Sitka Kitch offers five-class series, ‘Nourish: Using Food As Medicine For Optimum Health’

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Unlock the power of food as a pathway toward optimum health and wellness while learning to make delicious, vibrant meals that you can recreate at home. “Nourish: Using Food As Medicine For Optimum Health” is a five-week culinary nutrition cooking class series led by Holistic Nutrition Coach Holly Marban, MS, at the Sitka Kitch community rental commercial kitchen. In honor of National Nutrition Month in March, you’ll explore ways to nourish the body through healthy, delicious whole foods. Each class in this series will combine the science of nutrition with hands-on cooking for a fun, well-rounded experience. All recipes are plant-based and vegetarian, free from gluten and refined sugars, and can easily be made dairy-free.

  • Class 1: Nutrition Foundations — 6-8 p.m.on Monday, March 6
    • In this class you’ll learn the basics of nutrition and how to nourish your body through whole foods. We’ll explore healthy, delicious options for protein, carbohydrates, and fats for overall health, as well as simple guides for food proportions, meal frequency, and a discussion about intuitive eating. We’ll cook black bean and vegetable tacos with homemade roasted tomato salsa, southwestern quinoa, and flavorful guacamole from scratch.
  • Class 2: Balancing Blood Sugar Using Whole Foods — 6-8 p.m. on Monday, March 13
    • In this class, take the opportunity to explore the immense impact of blood sugar on overall health. Learn why balancing blood sugar is so important and how to use food to manage this aspect of health. We’ll make a vegetable frittata, simple green salad with homemade dressing, lentil salad with nuts and fresh herbs, and buckwheat granola. This class is sponsored by Sitka Community Hospital.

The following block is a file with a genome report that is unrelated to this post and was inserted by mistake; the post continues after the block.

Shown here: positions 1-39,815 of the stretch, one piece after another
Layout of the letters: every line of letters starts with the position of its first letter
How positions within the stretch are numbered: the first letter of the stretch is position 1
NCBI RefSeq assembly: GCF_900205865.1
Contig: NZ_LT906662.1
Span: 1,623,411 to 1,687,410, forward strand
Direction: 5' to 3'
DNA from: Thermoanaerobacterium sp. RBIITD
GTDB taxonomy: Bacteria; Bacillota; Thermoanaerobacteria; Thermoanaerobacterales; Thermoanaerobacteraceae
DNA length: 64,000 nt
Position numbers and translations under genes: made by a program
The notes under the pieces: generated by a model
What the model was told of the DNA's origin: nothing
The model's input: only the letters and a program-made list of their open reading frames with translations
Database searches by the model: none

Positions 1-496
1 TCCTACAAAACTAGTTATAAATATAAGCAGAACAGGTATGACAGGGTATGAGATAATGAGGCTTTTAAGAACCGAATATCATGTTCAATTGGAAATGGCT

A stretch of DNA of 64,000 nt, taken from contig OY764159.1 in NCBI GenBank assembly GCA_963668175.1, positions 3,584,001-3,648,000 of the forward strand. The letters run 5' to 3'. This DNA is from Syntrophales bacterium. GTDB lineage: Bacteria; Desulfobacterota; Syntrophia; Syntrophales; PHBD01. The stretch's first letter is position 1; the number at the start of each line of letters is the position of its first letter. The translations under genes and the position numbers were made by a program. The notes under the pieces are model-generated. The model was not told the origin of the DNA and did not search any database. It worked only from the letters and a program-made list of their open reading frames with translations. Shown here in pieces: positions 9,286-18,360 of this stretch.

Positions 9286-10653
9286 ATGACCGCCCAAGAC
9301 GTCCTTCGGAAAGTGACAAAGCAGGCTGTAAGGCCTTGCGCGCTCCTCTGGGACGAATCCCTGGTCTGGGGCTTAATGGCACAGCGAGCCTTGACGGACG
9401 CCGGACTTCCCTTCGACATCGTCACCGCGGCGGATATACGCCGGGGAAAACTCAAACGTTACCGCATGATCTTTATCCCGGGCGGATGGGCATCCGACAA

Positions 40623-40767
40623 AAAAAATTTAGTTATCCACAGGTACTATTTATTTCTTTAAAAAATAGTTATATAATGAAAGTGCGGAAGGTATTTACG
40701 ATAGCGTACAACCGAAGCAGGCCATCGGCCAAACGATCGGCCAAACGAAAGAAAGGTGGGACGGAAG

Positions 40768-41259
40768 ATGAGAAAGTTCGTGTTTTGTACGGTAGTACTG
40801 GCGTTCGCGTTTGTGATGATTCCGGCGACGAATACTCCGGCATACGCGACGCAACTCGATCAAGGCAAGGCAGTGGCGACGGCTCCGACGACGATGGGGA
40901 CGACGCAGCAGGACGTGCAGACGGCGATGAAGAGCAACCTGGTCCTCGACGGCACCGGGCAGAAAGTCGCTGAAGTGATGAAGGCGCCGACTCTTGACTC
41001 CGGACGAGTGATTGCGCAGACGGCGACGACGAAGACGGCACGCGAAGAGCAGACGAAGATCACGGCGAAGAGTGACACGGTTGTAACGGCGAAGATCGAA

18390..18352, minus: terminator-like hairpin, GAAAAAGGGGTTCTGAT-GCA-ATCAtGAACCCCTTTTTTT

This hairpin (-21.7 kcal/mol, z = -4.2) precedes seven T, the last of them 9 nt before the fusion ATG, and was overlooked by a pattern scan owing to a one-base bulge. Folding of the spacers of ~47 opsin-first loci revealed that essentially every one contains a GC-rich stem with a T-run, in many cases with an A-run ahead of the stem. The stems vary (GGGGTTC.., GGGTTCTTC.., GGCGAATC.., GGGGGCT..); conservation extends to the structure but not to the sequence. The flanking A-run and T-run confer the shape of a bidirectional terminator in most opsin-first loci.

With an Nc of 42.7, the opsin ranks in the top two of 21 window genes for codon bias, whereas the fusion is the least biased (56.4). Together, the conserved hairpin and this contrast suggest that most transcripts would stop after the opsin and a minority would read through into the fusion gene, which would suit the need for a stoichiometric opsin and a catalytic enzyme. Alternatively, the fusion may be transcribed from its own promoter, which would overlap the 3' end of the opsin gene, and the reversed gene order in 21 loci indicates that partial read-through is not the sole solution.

• Class 3: Everyday Superfoods — 6-8 p.m. on Monday, March 20
    • In this class we’ll take a look at some nutritional superstars of the plant kingdom and explore ways to boost the nutrient content of everyday foods. Sprouting, soaking, and fermentation will be discussed as ways to amp up the nutritional profile of certain foods. We’ll create a colorful meal of quinoa vegetable “sushi” with sprouts, a super greens salad with hemp-ginger dressing, and chia pudding with herbed citrus compote.
  • Class 4: Foods to Fight Inflammation — 6-8 p.m. on Monday, March 27
    • In this class, we’ll explore the concept of inflammation in the body and how it can impact overall health. Learn what inflammation is, which foods more easily cause inflammation, and how to use food to decrease and/or prevent it. We’ll make a version of the recently popular warm beverage called “golden milk,” coconut-ginger braised leafy greens with chickpeas and steamed buckwheat, and a raw blueberry tart.
  • Class 5: Spring Detox — 6-8 p.m. on Monday, April 3
    • Learn how to use whole foods to support the natural detoxification processes in your body. With a focus on spring greens and other seasonal produce, we’ll make a simple green smoothie, red beet hummus with cruciferous vegetables, green goddess salad, and creamy cauliflower soup.

About the instructor:

Holly holds a Master’s degree in the Science of Nutrition and certification as a Holistic Health Coach. She runs a small nutrition and wellness business, Holly Marban Wellness, where she combines her knowledge of nutrition with skills in counseling and coaching to support individuals in nourishing themselves and reaching their personal health and wellness goals. A strong believer in the healing abilities of food, she is most at home in the kitchen and enjoys sharing that space with others. Her philosophy is rooted in the belief that food can be medicinal, therapeutic, and immensely enjoyable all at once.

Registration details:

This series consists of five cooking classes from 6-8 p.m. every Monday from March 6 through April 3. The classes will be held at the Sitka Kitch, located in the First Presbyterian Church at 505 Sawmill Creek Road.

The cost of the full five-class series is $117.50 (discounted from $137.50), plus a fee for ingredients and supplies. If you would prefer not to register for the whole series, you can purchase one or more classes individually at $27.50, plus a fee for ingredients and supplies. Registration for individual classes will open two weeks before each class date if space allows.